Quaint is perhaps the best way to describe Bauerfield International Airport. a legacy from American occupation during W.W.II (World War Two) for it is nothing more than by our standards, a very small regional airport. But it was home for us for the next 10 days. Hit by a wave of humidity as we stepped from the plane, we were immediately greeted by what for the rest of our stay became the norm - genuine Vatu warmth and hospitality from the people. Yes it was still damned hot inside the terminal, but an extremely colourful group of enthusiastic locals welcoming us with local and European songs, somehow eased the burden of the somewhat laid-back customs formalities. Once through customs, our next wee indoctrination was the taxi ride into down-town Port Vila, the largest city on the island of Hate and the capital of Vanuatu. We couldn't find a 'Sydney taxi' for love nor money, but there was however a substantial fleet of old 'bangers' that gave the impression they had figuratively been around the world several times.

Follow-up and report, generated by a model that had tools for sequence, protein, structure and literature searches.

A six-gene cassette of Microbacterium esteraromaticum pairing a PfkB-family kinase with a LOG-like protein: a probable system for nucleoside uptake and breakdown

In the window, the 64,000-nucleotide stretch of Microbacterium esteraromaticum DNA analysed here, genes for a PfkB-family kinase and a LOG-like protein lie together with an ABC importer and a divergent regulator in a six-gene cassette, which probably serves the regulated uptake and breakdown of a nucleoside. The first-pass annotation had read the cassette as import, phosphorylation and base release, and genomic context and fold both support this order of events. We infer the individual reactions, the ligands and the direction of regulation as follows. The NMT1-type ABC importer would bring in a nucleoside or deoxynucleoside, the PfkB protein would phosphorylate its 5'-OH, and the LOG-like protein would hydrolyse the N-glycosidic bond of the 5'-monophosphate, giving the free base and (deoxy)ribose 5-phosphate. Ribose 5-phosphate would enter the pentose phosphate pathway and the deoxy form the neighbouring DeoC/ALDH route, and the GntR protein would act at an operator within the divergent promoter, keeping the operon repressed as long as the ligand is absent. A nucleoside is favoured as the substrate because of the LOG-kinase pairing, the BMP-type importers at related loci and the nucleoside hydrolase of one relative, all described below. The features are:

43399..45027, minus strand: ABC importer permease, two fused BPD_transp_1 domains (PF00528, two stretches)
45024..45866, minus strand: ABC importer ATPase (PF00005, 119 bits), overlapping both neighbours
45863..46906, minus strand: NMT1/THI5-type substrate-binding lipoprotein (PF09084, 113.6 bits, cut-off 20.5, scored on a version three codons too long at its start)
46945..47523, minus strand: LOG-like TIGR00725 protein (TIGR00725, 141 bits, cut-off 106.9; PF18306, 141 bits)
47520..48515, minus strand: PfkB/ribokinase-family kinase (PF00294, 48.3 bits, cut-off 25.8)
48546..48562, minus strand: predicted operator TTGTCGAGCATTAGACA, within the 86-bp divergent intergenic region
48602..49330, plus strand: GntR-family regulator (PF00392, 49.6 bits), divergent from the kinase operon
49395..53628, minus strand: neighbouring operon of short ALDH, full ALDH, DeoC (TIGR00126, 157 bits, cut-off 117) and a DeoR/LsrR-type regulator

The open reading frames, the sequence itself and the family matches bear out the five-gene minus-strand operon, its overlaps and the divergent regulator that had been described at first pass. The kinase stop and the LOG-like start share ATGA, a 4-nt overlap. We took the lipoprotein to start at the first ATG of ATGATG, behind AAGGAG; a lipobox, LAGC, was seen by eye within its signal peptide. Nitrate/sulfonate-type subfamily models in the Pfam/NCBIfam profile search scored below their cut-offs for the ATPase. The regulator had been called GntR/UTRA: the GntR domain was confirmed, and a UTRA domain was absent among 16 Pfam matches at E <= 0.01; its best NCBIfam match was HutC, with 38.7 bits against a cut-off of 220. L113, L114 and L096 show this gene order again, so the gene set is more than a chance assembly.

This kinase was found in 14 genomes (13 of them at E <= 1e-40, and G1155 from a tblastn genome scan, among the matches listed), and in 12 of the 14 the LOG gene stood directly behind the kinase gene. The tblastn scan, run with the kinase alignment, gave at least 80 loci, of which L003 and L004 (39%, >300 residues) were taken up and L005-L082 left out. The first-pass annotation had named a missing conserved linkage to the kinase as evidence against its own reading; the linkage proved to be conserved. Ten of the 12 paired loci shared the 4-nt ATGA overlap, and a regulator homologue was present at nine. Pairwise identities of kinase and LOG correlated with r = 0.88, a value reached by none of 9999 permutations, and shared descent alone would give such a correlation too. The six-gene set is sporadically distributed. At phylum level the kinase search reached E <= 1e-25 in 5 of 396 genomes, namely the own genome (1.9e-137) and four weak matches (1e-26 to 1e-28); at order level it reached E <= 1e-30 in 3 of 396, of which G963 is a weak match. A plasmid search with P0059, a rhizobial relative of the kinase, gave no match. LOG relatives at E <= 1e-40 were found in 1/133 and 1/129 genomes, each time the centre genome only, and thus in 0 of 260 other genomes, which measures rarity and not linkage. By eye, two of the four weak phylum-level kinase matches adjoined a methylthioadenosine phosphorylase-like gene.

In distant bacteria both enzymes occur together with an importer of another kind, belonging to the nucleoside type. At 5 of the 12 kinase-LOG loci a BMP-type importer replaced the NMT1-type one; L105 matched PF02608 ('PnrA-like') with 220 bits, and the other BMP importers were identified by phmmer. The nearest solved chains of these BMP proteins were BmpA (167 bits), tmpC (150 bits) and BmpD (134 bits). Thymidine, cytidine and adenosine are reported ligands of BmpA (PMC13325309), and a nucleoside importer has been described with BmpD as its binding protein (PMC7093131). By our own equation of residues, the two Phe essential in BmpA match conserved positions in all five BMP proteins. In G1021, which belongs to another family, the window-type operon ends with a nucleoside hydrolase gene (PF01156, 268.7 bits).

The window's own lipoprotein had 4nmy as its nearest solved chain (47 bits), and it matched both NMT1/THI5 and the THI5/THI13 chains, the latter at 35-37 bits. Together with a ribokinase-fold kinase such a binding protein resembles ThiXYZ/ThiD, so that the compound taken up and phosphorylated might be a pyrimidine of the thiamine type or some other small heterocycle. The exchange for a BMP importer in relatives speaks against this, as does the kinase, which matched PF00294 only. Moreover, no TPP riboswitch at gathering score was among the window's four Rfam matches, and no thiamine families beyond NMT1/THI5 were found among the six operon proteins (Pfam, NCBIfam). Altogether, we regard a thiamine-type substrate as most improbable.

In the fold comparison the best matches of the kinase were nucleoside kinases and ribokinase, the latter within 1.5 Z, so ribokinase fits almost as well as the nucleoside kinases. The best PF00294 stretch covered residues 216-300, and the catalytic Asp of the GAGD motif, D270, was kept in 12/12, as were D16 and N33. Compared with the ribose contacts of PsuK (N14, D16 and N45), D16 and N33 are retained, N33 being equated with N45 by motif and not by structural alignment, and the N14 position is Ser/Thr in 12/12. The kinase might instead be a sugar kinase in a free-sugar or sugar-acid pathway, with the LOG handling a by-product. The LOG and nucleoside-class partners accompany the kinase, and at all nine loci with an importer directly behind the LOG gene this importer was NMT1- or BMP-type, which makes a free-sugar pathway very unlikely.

Our cab of choice was in fact one of those 'up-right piano' Suzuki mini vans, with air conditioning (the roof was virtually rusted off, the windows were down because the winder was broken), cloth trim (an old curtain was glued to the head-lining, to cover up the holes) and jute-box (the guy hummed a tune as we drove into town). It was certainly quite different, charming and certainly a bit of fun! We were to rendezvous with our boat at Luganville on the largest island in the group, Espiritu Santo, which is around 120 miles north of Efate. As it turned out it was probably good skills that we spent our first night in a hotel in Port Vila, for we had time to catch our breath and also to see how the system worked in Port Vila! We went for a walk through town then slipped across the bay to Iririki Resort for pre-dinner drinks, but the more adventuresome could have gone sight-seeing in one of the multitude of taxis that seemed to be driving up and down 24/7, or indeed you could have hired a 4WD and driven right around the island yourself. Either way, you felt entirely 'safe' be it day or night! All the locals were very friendly, polite and free with advice, and we soon learned where to go and what to do. We even acquired our own resident cab driver, Ronnie (ask for him if you go there, everyone seemed to know him), who was now on-call to take us wherever we wanted to go, whenever. The next morning in fact, we took the punt with him (his cab was cleaner, tidier and later model than our first version - just!) and negotiated a tiki-tour of the island, 3000 Vatu for an hour-long trip that turned into 1'12 hours! We saw some amazing sights once we left the confines of the city, some absolute contrasts of life and dwellings, but my god we very quickly learned why the shelf life of a cab was so short. She wouldn't/couldn't even bring herself to look out the window, but the trip up did give me some idea of just how spread out this archipelago was, and how many islands there were (83 in total) for there seemed to be island after island the entire trip. We were duly met at the Luganville airport this time a slightly newer and therefore significantly more up-market airport, by mine host for the next week, Bill Leckie. I am sorry to report that the local cab standard was on a par with Port Vila, but we did have a change of configuration of transport. Bill, Dave and Mo (another couple who had also booked a week on Takapu2) and ourselves, along with all our gear, were 'fed' onto the tray of a fully air conditioned Mazda utility that came complete with tailgate held on with a leather strap - real confidence-inspiring stuff. Another hideously bumpy road, but again it was fun I suppose and it certainly gave us time to appreciate the lush green countryside, the numerous coconut plantations along the way and the beautiful cattle. I never thought I would say that about a cow, but Santo beef is something very special. Local boys on beach